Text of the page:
• While it’s wonderful to tell your friend or your loved one to reach out if they need

  • anything, they probably won’t.

  • So just keep checking in and proactively offer specific support.

  • So, for example, “I made a huge pot of veggie chili and I’ll be in your neighborhood at

  • 5pm.

  • Can I drop some off for you?”

  • Next up, let’s talk about a few do’s and donts for when tragedy strikes, like a

  • fire or a natural disaster or something that completely wipes out somebody’s home or

  • their environment or their business.

  • So these incredibly insightful tips are from Dr. Andi O’Conor.

  • This woman’s house burned down not once, but twice and she’s written about it extensively

  • on her blog called BurningDownTheHouseBlog.com.

  • Here’s what Andi says.

  • Number one, don’t start with the wordsat least,” as inat least youre alive

  • orat least you have insurance.”

  • Meaning don't try and force gratitude on the person.

  • Number two, she says don’t sayit’s just stufforit’s just moneyor

  • it’s justanything.

  • That dismisses the enormity of what the person is going through.

  • Number three, don’t make it a discussion of God or faith or religion, even if you think

  • youre sure of the person’s religious or spiritual belief.

  • So, for instance, if they go to your church or youve heard them mention God, don't

  • say something like, “God only gives you what you can handle.”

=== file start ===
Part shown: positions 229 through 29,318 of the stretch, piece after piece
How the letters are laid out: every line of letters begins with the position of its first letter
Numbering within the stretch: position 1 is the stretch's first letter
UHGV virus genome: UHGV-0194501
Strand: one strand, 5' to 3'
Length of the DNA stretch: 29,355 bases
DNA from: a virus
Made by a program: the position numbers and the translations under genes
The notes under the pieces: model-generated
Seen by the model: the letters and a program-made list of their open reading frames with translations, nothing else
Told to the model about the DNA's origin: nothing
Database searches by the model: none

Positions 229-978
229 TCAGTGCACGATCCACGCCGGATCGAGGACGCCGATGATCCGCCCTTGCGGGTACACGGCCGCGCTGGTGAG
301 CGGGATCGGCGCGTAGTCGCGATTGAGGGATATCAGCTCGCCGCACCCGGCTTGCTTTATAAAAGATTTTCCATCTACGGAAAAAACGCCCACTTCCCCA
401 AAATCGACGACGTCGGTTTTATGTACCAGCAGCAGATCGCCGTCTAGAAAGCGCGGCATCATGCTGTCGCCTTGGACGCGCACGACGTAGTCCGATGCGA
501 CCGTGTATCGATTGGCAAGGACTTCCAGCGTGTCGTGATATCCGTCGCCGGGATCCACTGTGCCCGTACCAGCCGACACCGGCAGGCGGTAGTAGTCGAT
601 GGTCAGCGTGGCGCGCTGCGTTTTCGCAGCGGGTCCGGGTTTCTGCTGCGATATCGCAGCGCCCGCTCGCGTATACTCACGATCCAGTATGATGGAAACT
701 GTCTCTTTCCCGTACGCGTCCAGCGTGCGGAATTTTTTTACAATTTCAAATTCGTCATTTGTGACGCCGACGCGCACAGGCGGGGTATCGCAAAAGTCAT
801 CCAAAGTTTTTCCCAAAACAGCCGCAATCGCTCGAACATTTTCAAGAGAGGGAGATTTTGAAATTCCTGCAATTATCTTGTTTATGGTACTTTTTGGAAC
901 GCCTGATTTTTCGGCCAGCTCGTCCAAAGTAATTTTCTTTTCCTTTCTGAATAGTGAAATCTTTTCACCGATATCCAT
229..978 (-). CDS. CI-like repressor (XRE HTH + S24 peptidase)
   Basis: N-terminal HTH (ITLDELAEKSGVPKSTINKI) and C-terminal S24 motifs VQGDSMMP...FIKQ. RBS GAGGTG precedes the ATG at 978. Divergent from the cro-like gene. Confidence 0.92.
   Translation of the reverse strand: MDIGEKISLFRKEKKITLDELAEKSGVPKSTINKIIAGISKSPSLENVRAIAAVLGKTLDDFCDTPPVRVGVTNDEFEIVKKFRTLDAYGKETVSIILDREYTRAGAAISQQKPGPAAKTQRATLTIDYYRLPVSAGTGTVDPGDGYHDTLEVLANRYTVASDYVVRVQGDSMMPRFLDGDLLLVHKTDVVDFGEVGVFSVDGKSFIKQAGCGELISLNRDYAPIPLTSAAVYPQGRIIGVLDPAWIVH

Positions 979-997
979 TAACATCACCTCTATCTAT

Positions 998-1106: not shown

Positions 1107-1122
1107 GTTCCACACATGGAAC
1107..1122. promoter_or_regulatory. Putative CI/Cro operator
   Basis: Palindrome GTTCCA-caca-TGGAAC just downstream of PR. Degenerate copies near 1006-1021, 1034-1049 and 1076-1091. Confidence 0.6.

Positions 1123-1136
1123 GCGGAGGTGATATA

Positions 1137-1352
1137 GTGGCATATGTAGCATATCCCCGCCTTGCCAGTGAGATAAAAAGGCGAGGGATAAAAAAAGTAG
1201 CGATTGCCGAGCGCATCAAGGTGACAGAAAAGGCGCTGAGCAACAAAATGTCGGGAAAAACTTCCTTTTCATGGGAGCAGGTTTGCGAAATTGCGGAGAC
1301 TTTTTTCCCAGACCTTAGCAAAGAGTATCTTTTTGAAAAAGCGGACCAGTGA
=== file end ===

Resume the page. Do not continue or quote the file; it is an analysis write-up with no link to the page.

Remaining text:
• Remember, an event like this can really rock someone’s faith and their world, so don't

  • assume that theyre open to ideas like it was all meant to be, especially at this time.

  • And number four, the only do from Andi, is make sure you say these eight words: “I

  • am so so sorry. How can I help?”

  • Finally, let’s cover some do’s and donts when someone loses a loved one.

  • We found some incredible guidance from legendary grief and loss expert David Kessler and from

  • Joanna Goddard of Cup of Jo.

  • Here’s some of what David shares.

  • Don't say things like: he’s in a better place, there’s a reason for everything,

  • it was her time to go, she was such a good person, God wanted her to be with him.

  • And don't say be strong.

  • Now, on the other hand, do say things like this: I’m so sorry for your loss, I wish

  • I had the right words, just know I care, and I’m always just a phone call away.

  • Cup of Jo has a post specifically about writing sympathy notes, which she posted after she

  • lost her brother-in-law Paul to lung cancer.

  • She offers these extremely helpful do’s.

  • So first up, do send a snail mail card.

  • Not that online is wrong, but especially now in the digital age, an actual physical card

  • can be something so special.

  • It’s tactile and you can literally hold those words in your hand and reread them again